UNFOLDING VENICE – A PRIVATE TOUR
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Rialto Bridge, Venice
Venice, St Mark's interior
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Highlights of this tour:
St Mark’s Basilica (skipping the line)
Grand Canal and small canal navigation on a private watertaxi
Walk in lesser known parts of Venice far from the crowds
Rialto bridge and surrounding market area
Starting ideally in St Mark’s Square, the first part of this tour is about the genesis of Venice, its development as a City State and its economical rise during the Middle Ages and the Renaissance.
Our guide will take you into St Mark’s Basilica (skipping the line, from April 1st through October 31st) for an overview of its awesome mosaics and marbles, and will describe all the Square’s main buildings: the Doges’Palace, the Marciana Library, the Procuratie, the Clock Tower, the Bell Tower, the Bridge of Sighs and the Prisons.
After having admired together the world famous waterfront , whose gems are St George’s Island, the Giudecca Island and the Salute Church, we’ll proceed for an hour on our private watertaxi along the meandering canals – Venice boasts 150 of them ! – for a relaxing ride into the history, art and architecture of this unique place.
Of course we will navigate along the impressive Grand Canal, but we’ll also experience the more intimate atmosphere of a picturesque maze of minor waterways.
Again on foot in a very different area of town, over the Grand Canal, exploring the neighborhoods of Dorsoduro and San Polo at a quiet pace, enjoying the maze of squares, alleyways, bridges, and getting in touch with the everyday life and activities behind the main touristic scene.
Ending at the foot of the Rialto Bridge – once again, back to the highlights – to revive the glories of Venice’s great commercial hub and to get acquainted with its culinary traditions.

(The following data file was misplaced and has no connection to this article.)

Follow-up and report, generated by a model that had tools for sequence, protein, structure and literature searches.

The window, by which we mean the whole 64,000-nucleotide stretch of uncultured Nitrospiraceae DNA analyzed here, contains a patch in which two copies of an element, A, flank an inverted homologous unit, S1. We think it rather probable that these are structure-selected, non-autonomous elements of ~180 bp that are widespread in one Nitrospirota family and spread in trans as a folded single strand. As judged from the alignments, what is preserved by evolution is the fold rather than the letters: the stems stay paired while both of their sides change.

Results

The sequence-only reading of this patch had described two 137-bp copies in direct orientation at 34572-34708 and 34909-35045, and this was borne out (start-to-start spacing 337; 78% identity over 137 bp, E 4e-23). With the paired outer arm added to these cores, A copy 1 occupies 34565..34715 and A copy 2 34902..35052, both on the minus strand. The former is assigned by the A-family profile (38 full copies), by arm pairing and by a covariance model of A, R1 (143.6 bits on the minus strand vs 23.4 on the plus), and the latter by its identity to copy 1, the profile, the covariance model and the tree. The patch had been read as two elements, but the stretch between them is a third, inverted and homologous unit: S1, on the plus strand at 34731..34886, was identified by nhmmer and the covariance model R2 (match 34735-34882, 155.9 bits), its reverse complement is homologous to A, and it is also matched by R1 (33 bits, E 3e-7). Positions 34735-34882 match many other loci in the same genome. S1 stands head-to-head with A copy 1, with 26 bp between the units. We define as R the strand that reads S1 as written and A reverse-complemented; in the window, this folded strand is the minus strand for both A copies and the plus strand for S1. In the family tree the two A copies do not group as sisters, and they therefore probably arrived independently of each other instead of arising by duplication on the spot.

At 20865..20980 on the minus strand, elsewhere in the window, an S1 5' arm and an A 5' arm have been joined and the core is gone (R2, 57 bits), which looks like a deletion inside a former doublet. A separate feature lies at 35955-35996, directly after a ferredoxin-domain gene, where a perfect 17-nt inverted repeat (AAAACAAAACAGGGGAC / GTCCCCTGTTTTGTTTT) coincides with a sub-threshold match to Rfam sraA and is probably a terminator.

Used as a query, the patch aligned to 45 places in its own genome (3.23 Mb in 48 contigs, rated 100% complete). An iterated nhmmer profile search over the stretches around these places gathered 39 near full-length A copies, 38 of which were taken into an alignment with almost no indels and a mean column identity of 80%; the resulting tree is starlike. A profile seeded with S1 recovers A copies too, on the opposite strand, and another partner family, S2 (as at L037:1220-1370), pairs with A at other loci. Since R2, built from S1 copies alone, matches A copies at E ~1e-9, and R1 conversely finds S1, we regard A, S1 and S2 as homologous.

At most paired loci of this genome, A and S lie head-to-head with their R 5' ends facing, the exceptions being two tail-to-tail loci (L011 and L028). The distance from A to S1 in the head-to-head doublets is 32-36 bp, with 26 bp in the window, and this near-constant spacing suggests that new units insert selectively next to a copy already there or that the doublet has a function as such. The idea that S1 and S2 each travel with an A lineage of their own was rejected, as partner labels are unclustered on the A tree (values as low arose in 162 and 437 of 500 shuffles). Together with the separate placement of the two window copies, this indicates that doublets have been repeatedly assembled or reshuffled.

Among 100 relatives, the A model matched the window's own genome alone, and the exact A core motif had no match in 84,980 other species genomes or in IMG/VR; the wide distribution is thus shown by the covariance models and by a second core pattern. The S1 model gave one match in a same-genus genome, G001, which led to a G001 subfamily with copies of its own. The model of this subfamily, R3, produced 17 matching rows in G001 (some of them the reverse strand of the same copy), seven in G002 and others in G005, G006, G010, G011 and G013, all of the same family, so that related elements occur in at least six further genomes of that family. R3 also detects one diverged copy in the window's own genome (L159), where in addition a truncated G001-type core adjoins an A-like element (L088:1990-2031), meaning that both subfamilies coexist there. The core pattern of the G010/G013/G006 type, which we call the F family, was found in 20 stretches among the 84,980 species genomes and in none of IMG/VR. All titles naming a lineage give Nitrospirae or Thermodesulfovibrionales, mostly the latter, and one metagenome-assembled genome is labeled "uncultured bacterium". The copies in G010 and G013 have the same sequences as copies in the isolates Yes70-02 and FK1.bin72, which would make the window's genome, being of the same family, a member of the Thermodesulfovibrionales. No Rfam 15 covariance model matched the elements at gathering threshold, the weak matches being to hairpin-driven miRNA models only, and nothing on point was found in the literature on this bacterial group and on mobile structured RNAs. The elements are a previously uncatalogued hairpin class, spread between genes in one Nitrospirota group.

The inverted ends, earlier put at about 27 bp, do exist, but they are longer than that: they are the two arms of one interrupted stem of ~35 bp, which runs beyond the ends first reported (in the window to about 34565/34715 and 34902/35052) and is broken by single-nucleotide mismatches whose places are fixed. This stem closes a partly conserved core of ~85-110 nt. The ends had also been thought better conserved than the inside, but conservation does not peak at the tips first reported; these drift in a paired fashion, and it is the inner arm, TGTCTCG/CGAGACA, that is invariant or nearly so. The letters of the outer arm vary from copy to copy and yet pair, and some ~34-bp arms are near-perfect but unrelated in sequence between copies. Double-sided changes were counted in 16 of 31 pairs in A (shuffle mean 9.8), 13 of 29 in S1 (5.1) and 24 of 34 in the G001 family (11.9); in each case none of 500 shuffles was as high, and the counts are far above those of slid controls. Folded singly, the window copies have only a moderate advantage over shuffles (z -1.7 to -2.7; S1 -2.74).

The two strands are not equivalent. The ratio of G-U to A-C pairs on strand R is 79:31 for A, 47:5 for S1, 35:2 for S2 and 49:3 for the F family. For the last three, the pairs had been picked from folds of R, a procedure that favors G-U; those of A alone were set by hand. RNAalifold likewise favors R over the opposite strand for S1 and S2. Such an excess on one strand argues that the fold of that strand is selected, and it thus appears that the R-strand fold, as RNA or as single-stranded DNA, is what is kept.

Our tour will end here, in the bustling heart of Venice, just few minutes away from St Mark’s Square.
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There are no cars or buses in Venice, and not even motorbikes or bycicles! Apart from the main tourists sites, that tend to be crowded most part of the year, Venice is calm, silent and safe, and it is hard to decide whether it is better to visit on foot or by boat.
We could state that the real streets of Venice are its canals, and that most of the major facades can be seen better from the water.
It is also true that during the 19th century many canals were filled in, although the city still boasts 150 canals, and more than 400 bridges !
Which means that, with respect to the past centuries, nowadays it is probably easier and faster to move around on foot.
However viewing it from a boat is certainly a pleasant and relaxing experience.
It also helps you understand what the ratio between water and land is: 80% water and 20% land!
The city would not exist without the canal network , which is parallel to the pedestrian one, entirely manmade throughout the centuries.
This is the reason why visitors should take a boat ride, due to the overwhelming presence of salt water.
Everything here was meant to be accessible from the water, when there were no streets.
It sounds paradoxical, but it took centuries for Venice to become a pedestrian city, although streets became a necessity when there was no more room along the rims of the islands or the canals.
The land reclamation began, and we are still maintaining it!
Venice was a wealthy independent City State for such a long time, that the variety of its architectures, ranging from Byzantine to Gothic, Renaissance, Baroque is absolutely unique, and the almost total absence of modern buildings transforms every single corner into a journey through time and history.
We recommend that you stay in Venice at least for three days, but if you decide to visit for a week or longer you’ll certainly won’t be disappointed!
Spending longer time here means also interacting with the locals, see how they live, figuring how it feels being a Venetian, while if you just stay for few hours or for a day, with no time to explore off the beaten track, almost certainly you’ll never get in touch with the residents – we are less than 60,000 today and tend to skip the major tourists hubs as much as we can on our daily errands – and you’ll be inevitably overwhelmed by the incredible amount of tourists from every part of the world…
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